NBA Markets 2023 Finals Like a Movie, With Cameos Galore

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While this year’s NBA Finals lack an A-list star on the court, the league is marketing the series like a blockbuster. In November the NBA hired then-Paramount executive Tammy Henault as CMO, and she leaned on her Hollywood experience while building this year’s “We Are All In The Finals” campaign.

“Coming from the entertainment space, I really wanted to figure out, ‘How do we have a longer lead to promote the Finals?’” Henault said in an interview. “How do we eventize it like a launch, like a premiere, get the date in people’s minds and try to drive that appointment viewing?”

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The NBA also invested more in increasing awareness of the playoffs overall, expanding its budget for ad inventory on social platforms, connected TVs and linear networks. Data played a key role in the process, even as marketers identified the celebrities who would make a cameo in the league’s commercials.

Using market research data, the NBA created a shortlist of personalities who had particularly high affinities to fans in various demographics. That’s how 55-year-old action sports star Tony Hawk earned a spot in the ad, as well as 30-year-old South Korean rapper Suga. Adele was tapped to lend her vocals, in part due to her own NBA connections (she is reportedly engaged to agent Rich Paul). Comedian Jimmy Kimmel and NBA legends Magic Johnson and Larry Bird also make appearances, along with Eli and Peyton Manning.

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“We were able to have our overarching spot that pulled all of these personalities together, but also cut really specific, unique vignettes with different pairs of the talent and we’re able to target those digitally to specific segments,” Henault said.

As an entertainment marketer, Henault leaned on affinity audience data—if she was promoting a sci-fi show, for instance, she’d look for similar programs’ viewers to pitch. “What is interesting in my role here is I feel like almost anything is kind of an affinity to the NBA,” she said.

The NBA sent its Larry O’Brien Trophy on a tour that included stops at other sporting events, but also meetups with the cast of Hamilton, K-pop band TXT, Miss America and the Stanley Cup. The interactions have garnered more than 75 million video views online, in addition to coverage in a range of sports and entertainment outlets (including this one, I guess.)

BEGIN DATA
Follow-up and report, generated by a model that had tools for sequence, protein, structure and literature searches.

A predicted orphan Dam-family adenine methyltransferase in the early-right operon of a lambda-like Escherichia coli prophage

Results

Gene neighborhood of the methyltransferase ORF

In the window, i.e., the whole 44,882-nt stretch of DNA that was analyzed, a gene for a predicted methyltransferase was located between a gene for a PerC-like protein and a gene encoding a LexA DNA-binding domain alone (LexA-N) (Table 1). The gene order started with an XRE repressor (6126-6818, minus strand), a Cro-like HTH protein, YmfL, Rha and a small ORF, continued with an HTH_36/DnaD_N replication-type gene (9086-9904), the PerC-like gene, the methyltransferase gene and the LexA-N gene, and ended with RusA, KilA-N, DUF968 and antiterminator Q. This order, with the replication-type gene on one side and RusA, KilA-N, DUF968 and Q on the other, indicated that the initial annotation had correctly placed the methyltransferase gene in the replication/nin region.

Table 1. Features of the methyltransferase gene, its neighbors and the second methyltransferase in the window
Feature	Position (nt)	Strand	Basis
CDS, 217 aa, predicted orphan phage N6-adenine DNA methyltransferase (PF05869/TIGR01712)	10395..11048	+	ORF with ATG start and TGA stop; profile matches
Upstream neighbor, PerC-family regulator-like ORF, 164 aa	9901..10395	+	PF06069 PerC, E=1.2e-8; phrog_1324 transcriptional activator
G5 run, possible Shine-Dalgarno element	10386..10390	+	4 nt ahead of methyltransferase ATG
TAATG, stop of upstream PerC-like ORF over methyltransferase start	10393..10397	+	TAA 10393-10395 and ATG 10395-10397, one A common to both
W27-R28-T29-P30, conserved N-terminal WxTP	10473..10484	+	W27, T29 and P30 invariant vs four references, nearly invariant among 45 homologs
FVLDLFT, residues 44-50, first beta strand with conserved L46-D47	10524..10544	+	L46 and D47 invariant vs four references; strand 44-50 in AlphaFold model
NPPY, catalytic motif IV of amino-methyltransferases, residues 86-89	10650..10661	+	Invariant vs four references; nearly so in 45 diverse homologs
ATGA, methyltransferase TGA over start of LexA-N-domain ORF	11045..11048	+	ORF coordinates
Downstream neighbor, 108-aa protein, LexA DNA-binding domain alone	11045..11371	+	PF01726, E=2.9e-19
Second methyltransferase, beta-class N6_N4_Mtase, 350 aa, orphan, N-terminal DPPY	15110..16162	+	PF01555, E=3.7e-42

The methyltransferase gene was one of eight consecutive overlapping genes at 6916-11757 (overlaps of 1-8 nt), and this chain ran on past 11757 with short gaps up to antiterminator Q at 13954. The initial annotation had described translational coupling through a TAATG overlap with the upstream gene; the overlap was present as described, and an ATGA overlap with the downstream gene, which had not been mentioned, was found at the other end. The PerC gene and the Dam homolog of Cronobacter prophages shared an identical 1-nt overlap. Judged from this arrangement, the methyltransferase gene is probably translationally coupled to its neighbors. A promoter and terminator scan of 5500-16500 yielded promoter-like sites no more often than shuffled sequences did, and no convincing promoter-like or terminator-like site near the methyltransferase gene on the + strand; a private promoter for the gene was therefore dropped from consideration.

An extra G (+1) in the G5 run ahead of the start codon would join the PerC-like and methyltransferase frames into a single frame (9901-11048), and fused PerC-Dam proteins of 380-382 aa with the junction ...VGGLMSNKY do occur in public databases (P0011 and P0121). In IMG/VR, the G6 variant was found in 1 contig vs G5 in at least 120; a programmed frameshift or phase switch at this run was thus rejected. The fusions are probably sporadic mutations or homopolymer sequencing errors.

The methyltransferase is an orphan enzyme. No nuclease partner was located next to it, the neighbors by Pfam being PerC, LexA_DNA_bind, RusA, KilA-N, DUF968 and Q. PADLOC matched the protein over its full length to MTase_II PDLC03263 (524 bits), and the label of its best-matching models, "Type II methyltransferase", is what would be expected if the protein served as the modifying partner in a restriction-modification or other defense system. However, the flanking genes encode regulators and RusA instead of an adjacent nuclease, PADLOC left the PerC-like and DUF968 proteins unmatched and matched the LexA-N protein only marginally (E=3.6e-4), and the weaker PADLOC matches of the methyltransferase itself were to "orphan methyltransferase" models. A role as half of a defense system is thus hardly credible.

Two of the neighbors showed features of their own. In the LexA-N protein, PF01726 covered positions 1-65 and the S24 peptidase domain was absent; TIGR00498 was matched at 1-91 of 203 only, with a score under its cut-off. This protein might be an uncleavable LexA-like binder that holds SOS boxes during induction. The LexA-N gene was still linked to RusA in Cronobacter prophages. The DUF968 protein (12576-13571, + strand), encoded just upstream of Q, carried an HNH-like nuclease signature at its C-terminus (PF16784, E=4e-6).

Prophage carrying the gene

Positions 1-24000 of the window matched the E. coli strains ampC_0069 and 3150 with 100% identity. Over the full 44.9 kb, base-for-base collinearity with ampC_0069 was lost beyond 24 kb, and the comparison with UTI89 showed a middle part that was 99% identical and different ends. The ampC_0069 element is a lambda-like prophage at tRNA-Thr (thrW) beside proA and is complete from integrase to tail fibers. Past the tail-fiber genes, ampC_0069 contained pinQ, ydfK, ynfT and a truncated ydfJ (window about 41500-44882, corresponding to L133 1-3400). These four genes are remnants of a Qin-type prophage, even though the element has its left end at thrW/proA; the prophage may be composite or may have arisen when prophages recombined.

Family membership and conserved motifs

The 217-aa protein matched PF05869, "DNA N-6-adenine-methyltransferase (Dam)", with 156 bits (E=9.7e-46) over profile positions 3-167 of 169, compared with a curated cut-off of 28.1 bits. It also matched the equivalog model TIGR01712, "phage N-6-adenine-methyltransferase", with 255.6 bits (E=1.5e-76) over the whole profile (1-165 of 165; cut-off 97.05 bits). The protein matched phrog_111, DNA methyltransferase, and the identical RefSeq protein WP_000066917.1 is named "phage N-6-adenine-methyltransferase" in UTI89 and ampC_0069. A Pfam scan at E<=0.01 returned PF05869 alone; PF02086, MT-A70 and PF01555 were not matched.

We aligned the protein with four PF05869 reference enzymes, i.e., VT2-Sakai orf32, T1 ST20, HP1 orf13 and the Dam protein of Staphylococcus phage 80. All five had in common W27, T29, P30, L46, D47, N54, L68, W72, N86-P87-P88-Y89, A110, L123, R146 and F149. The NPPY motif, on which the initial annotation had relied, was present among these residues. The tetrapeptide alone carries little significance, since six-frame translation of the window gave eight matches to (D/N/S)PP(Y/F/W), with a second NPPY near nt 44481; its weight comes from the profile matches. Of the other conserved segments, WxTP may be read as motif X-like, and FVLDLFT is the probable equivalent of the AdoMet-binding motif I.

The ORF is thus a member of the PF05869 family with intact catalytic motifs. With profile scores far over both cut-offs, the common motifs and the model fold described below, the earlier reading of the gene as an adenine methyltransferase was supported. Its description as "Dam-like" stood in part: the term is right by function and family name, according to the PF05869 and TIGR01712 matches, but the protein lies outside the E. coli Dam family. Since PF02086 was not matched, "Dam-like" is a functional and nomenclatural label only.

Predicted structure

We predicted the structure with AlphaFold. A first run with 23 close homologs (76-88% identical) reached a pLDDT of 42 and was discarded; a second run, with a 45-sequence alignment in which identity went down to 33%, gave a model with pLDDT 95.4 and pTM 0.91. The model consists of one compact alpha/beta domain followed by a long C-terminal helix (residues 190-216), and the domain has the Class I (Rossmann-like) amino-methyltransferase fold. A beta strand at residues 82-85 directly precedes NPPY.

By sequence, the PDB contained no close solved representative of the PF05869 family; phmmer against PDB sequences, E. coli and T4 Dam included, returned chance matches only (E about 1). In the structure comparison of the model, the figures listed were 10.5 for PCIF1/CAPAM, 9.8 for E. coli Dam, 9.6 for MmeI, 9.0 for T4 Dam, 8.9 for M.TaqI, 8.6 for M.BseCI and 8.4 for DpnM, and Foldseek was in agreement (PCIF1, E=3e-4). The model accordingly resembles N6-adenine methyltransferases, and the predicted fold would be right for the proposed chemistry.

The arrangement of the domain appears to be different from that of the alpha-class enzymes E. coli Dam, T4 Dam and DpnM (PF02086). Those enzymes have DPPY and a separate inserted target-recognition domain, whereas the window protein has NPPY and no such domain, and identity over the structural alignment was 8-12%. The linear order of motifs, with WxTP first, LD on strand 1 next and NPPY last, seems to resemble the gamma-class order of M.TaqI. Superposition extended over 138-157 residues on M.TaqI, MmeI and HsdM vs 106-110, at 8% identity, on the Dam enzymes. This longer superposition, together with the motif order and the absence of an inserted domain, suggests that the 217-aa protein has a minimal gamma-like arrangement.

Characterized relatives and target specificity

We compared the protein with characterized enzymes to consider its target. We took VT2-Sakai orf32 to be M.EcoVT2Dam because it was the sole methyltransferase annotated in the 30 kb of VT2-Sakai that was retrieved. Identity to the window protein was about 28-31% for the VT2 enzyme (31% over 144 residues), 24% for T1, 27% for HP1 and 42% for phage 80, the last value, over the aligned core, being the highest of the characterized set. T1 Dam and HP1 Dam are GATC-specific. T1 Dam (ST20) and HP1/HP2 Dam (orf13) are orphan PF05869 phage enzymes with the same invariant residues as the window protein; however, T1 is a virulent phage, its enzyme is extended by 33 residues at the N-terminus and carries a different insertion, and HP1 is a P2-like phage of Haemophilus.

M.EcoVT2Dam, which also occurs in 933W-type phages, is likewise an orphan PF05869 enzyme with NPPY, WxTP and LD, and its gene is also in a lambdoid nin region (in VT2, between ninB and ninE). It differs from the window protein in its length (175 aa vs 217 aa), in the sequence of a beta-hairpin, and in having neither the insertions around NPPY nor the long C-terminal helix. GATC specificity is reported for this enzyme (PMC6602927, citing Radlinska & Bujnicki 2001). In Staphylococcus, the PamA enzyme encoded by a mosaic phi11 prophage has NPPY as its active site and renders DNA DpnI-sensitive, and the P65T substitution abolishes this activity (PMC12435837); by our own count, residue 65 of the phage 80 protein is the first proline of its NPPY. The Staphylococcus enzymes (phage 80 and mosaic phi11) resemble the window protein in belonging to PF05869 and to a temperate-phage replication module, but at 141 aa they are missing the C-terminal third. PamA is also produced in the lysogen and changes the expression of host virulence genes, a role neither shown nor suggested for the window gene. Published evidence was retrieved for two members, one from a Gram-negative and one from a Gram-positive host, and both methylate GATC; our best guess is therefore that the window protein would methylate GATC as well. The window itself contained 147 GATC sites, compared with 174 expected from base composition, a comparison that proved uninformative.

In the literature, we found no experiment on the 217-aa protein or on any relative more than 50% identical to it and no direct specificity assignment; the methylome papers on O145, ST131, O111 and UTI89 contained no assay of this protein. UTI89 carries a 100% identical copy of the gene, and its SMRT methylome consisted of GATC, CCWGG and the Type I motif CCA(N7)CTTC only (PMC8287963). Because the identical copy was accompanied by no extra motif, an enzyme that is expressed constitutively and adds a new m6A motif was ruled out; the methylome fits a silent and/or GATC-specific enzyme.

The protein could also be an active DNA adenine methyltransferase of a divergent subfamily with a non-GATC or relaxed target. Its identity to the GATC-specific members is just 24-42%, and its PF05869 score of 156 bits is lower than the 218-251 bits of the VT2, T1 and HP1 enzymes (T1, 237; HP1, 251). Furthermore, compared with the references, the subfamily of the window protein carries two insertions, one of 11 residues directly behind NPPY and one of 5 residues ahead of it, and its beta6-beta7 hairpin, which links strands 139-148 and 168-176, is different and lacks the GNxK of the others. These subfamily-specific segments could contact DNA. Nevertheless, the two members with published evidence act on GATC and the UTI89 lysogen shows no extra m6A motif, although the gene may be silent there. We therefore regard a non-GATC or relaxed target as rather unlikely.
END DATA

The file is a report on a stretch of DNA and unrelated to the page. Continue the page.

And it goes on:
In a home-stretch push, the NBA has created branded food trucks for select markets, offering coffees with a reminder about how to watch the Finals. “That’s sort of a tried-and-true entertainment tactic as well,” Henault said. The trucks will also be sharing QR codes for drinkers to download the NBA app, as the league drives towards a direct-to-consumer future.

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For Henault, the transition feels familiar; she was at Paramount as it made a big move into streaming. Before then, she helped guide magazines and The New York Times as they became digital businesses.

“Ultimately, we’re going to have to be in a lot of different places and allow our fans to really consume us wherever they want, however they want,” Henault said. “We are in the middle of a massive media landscape transformation. And I think sports rights are in a big way kind of in the center of it. … I could see how my background and experience could really translate and make an impact on where we’re headed.”

The early returns have been strong. Buoyed by the Heat and Celtics’ seven-game series, TNT had its most watched NBA Playoffs in five years, with an average of 4.7 million viewers. Monday’s Eastern Conference finale was the network’s third most-watched NBA game ever. Across channels, the NBA boasted its most watched playoffs in 11 seasons.

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The league’s recently rebuilt app, meanwhile, saw a 40% increase in downloads during the regular season. Following a price reduction to $99 annually, NBA League Pass’ subscriber base grew 50% this year, according to the league.

One priority on the redeveloped platform has been spotlighting younger stars, especially as the LeBrons and Stephs of the world grow older. A digital “Pass the Rock” series this year, for instance, focused on up-and-comers, including Denver’s Jamal Murray. With the Nuggets in their first Finals, the league also has the opportunity to spotlight Nikola Jokic, who was the 31st most famous basketball player this season, according to YouGov polling, despite being a two-time MVP.

“Because of who he sort of is just as a person—a bit more shy and reserved,” Henault said, “it is more on us to make sure we can help tell his story in a bigger way.”

If Jokic and the Nuggets continue their dominant run, the league might be thinking about how to market a sequel soon enough.

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